To learn more about Acxiom's Marketing Data Products – who uses them and what kind of data is found in them, you can review its brochure or download at http://www.acxiom.com/SiteCollectionDocuments/Resources/Brochures/AC-1255-10%20Acxiom%20Marketing%20Products.pdf.
Removing Information posted on LinkedIn
Once an individual links to another on networking sites like LinkedIn or Facebook, can an organization for valid reasons request that such a contact or link be removed? For example, an employer may have reasonable grounds for expecting a former employee’s contact list used for fundraising to be kept confidential to the organization.
While the law and societal expectations are in flux in this area, to protect your organization and individuals alike, a prudent step to take in this situation is to create a social media policy for your organization that addresses this point (e.g. that requires current employees to set their LinkedIn account settings so that their connections are hidden, and that articulates obligations upon termination of employment). As well, you may wish to include an explicit description of employees’ responsibilities in the terms of employment used in your organization. These steps may help retain the necessary confidentiality needed to protect the information and have it removed at a future date.
You can contact LinkedIn and provide them with the following information to remove information posted on LinkedIn:
1. The full name of the person posting information and the location of the information you want removed–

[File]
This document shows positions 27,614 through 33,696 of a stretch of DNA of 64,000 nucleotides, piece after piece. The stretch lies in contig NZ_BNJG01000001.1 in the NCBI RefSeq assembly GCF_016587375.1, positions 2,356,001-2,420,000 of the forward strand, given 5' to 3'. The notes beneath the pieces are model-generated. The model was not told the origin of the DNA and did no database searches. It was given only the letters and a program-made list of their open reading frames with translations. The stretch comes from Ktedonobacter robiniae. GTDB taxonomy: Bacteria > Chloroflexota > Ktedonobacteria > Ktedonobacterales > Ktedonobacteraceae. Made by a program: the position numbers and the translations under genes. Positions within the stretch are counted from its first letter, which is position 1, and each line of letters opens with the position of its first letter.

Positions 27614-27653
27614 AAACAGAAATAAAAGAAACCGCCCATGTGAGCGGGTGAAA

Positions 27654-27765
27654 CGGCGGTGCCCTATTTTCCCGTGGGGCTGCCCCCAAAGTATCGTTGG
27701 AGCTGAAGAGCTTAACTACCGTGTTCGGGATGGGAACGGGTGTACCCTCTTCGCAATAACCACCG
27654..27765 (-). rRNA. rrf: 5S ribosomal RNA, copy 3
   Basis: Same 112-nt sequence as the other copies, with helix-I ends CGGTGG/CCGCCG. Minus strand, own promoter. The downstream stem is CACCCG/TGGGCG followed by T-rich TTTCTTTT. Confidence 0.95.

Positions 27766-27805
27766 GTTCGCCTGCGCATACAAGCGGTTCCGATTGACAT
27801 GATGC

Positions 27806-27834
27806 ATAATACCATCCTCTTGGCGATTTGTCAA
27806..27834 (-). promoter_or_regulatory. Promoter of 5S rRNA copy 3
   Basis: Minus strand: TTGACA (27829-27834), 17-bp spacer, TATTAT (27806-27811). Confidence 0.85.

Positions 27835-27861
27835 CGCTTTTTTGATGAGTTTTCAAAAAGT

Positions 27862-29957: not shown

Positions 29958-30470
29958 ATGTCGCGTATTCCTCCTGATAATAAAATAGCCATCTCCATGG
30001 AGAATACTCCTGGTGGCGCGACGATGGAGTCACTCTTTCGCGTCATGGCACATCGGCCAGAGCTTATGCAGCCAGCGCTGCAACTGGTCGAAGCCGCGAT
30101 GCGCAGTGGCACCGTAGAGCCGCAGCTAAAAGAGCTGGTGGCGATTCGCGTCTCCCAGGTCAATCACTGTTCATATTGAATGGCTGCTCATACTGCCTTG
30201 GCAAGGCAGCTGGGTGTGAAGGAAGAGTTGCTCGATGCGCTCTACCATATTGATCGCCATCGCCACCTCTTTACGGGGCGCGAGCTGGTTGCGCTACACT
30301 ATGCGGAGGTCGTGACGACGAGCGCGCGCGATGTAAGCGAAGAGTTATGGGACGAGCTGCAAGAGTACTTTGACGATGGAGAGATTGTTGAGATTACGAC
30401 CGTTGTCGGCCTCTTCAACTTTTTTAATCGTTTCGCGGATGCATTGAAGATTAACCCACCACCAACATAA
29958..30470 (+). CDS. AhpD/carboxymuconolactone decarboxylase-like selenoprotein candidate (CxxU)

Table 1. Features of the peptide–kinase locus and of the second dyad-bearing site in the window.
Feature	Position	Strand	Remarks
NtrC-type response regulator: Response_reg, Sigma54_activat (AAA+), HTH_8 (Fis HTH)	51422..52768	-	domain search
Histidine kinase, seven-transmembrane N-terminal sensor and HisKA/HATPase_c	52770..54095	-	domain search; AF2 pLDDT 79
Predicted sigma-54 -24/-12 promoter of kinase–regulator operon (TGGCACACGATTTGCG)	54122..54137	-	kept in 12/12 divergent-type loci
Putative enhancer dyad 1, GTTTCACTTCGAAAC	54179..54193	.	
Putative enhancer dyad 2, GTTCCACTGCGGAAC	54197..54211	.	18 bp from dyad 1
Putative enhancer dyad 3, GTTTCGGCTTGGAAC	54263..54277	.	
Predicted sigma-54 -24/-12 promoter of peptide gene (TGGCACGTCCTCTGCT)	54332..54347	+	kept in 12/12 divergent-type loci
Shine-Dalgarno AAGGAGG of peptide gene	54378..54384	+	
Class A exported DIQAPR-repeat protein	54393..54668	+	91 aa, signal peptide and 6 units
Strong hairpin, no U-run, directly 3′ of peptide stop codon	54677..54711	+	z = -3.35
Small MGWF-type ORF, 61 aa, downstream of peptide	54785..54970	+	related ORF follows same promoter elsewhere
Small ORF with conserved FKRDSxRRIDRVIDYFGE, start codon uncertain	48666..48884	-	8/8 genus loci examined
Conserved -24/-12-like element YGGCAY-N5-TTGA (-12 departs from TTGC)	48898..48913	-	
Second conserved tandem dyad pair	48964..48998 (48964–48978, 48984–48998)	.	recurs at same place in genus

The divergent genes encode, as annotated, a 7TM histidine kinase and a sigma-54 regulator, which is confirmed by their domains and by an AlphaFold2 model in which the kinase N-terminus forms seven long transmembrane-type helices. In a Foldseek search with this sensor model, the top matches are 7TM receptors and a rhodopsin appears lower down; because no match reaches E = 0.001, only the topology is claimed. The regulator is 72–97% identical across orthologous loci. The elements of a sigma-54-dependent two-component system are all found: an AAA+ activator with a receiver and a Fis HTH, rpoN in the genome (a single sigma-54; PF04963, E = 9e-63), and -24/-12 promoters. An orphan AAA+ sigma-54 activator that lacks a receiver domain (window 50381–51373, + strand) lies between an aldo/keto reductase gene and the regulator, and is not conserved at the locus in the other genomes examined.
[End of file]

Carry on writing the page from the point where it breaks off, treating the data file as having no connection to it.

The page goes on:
2. A screenshot of the page with the information - paste this into a word document and upload it.
3. An explanation of why they should be removed.
You send this information to LinkedIn via their information form: http://help.linkedin.com/app/ask/subject/Privacy+Policy+Question.
Tip #4: Monitor for Information to Surface: Get Notified When Your Personal Information Appears on the Web
Google, and Yahoo Alerts are email updates on the latest relevant search results (web, news, etc.) based on a query you create. They are free and you can request an unlimited number. Use these to keep track of when information of interest to you “surfaces” on the Web.
Additional information on protecting your privacy online is available from the US Federal Trade Commission e.g. at http://www.ftc.gov/bcp/edu/pubs/consumer/alerts/alt106.shtm
The information in this presentation was compiled from sources believed to be reliable for informational purposes only. All sample policies and procedures herein should serve as a guideline, which you can use to create your own policies and procedures. We trust that you will customize these samples to reflect your own operations and believe that these samples may serve as a helpful platform for this endeavor. Any and all information contained herein is not intended to constitute legal advice and accordingly, you should consult with your own attorneys when developing programs and policies. You should not take, or refrain from taking action based on its content. We do not guarantee the accuracy of this information or any results and further assume no liability in connection with this publication and sample policies and procedures, including any information, methods or safety suggestions contained herein. Moreover, this presentation cannot be assumed to contain every acceptable safety and compliance procedure or that additional procedures might not be appropriate under the circumstances.